Federal funding to develop bionic eye and world-first test for sepsis

A major new funding injection from the Australian Government will see two breakthrough discoveries at Monash move towards commercialisation.

Image: L-R Professor Jeffrey Rosenfeld, the Hon Greg Hunt MP and Monash Vision Group Director Arthur Lowery showcase the BMI technology in a cortical vision prosthesis (bionic eye).

The Medical Technology, Biotechnology, and Pharmaceutical (MTP) Industry Growth Centre – and the Minister for Health, the Hon Greg Hunt MP, announced 11 successful projects from the Government’s $35 million BioMedTech Horizons program, which supports commercialisation of health innovations in Australia.

Monash University Provost and Senior Vice-President, Professor Marc Parlange, welcomed today’s announcement.

“Monash researchers are dealing with some of the most challenging problems that society faces in the medical field and we thank the Australian Government for recognising the critical nature of their work,” Professor Parlange said.


Bionic eye by 2021

The Monash Vision Group (MVG) was awarded funding to commercialise a device that could restore vision in those suffering from blindness.

MVG has developed a wireless Brain-Machine Interface (BMI) offering the potential to bypass damage to nerves and neural pathways, restoring function to affected areas of the brain.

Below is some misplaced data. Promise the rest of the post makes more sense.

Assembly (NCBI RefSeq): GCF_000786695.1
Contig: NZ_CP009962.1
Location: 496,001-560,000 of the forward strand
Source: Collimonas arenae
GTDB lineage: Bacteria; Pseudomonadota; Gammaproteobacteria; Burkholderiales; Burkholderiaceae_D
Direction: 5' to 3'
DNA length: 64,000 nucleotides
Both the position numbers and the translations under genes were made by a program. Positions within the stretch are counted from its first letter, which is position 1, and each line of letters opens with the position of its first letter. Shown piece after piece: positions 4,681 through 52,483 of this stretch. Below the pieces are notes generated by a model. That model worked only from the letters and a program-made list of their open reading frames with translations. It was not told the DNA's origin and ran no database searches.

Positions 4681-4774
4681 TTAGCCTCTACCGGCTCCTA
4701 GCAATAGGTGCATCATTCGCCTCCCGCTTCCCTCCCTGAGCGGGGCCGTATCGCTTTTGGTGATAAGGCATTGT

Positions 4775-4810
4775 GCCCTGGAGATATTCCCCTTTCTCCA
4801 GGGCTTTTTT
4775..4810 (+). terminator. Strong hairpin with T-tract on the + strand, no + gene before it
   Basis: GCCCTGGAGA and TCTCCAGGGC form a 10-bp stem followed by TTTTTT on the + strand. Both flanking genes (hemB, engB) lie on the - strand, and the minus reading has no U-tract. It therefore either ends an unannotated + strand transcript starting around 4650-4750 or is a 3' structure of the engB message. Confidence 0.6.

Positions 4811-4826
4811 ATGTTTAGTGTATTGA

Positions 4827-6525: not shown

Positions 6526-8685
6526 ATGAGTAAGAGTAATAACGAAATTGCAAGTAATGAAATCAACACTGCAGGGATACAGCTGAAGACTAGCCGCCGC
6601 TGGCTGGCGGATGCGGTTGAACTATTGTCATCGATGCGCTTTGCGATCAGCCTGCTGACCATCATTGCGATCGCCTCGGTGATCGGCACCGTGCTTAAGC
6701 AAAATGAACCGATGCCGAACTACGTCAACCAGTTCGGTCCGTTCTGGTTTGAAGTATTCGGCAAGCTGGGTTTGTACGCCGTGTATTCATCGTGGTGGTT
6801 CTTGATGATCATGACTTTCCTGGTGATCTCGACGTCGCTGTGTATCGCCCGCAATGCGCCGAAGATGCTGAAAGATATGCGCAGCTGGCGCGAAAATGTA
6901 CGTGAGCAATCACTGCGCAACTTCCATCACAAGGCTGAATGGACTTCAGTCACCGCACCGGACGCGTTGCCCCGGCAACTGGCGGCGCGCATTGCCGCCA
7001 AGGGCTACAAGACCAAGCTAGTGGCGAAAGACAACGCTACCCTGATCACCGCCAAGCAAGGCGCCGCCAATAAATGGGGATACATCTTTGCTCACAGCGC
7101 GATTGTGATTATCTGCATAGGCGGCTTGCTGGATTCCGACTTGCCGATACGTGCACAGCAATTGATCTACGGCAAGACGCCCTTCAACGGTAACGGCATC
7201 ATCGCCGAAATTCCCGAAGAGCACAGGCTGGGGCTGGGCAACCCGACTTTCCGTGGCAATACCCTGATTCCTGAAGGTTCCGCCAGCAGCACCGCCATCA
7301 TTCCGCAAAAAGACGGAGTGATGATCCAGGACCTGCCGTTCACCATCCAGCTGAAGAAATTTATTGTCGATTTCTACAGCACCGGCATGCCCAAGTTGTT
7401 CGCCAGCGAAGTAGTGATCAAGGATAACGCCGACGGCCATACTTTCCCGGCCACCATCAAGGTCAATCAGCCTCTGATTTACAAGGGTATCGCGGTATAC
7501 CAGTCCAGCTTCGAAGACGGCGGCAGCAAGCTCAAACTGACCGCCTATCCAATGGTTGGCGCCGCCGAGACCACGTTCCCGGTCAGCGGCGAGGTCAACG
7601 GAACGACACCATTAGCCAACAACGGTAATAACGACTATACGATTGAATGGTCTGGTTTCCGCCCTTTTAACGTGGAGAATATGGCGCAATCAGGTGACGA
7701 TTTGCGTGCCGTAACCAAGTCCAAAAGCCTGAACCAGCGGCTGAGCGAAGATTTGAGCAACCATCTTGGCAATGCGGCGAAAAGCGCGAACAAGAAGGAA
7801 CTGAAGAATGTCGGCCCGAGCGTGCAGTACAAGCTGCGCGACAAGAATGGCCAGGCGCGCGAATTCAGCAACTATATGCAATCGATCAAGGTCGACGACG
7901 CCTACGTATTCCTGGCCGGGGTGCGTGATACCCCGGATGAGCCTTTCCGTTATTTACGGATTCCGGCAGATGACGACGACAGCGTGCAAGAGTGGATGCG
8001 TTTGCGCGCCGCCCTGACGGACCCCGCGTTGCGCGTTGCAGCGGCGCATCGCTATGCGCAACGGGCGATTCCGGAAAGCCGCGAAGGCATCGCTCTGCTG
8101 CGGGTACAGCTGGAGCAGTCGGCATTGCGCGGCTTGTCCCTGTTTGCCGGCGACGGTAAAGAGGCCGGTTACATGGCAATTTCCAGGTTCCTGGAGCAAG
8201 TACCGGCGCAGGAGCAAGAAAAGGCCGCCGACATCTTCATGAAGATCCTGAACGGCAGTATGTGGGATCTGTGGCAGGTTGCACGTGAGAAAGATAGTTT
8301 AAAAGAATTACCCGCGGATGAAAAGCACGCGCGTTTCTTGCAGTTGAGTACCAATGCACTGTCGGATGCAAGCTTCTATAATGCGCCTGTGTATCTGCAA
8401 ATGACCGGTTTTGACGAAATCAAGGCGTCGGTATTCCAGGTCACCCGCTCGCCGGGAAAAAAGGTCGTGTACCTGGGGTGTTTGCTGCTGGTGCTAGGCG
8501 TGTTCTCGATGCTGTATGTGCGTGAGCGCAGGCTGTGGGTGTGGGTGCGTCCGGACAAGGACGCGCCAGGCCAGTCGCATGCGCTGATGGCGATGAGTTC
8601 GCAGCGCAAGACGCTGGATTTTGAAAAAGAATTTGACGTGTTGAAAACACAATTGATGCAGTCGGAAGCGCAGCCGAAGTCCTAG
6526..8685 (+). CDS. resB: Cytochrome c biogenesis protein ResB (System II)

The BMI technology has been implemented in a cortical vision prosthesis (bionic eye) that is designed to bypass damage to the visual pathway and restore basic vision.

This funding will assist the transition between preclinical and clinical programs, allowing the utility of the visual prosthesis to be demonstrated. A company will be established to manufacture the BMI and commercialise the visual prosthesis. The aim of this company is to bring the product to market by 2021 to address the unmet need of a treatment for complete blindness.

MVG’s cortical vision prosthesis has been designed to treat a range of blindness causes, such as glaucoma and optic nerve damage, which are not suitable for retinal implants. The successful commercialisation of this technology will establish Australia as an exporter of implantable medical devices, and global market leader in BMI manufacturing.

First ever test for Sepsis could save millions of lives

The Federal government announced around $300,000 in funding to Biotech Resources in partnership with the Monash Centre for Biospectroscopy to combat sepsis – one of the leading causes of hospital deaths in Australia.

The Centre and Biotech Resources, in conjunction with the Alfred Hospital, Monash Health, and Hydrix will develop a new test for the identification of pathogens that cause sepsis. Biotech Resources will match the $292, 500 funding.

Sepsis is a life-threatening disease that results in the deaths of over 6 million people every year around the world, and more than 5,000 Australians. It is time critical medical emergency. Every hour without treatment increases a patient's chance of dying.

Currently there is no definitive test for sepsis with more than 30 per cent of cases going misdiagnosed. Aimalux aims to provide a diagnostic result within 35 minutes, to revolutionise the way sepsis is currently diagnosed, reduce healthcare costs, and save lives.

For more information on the BioMedTech Horizons program and first round recipients, visit www.mtpconnect.org.au/biomedtechhorizons.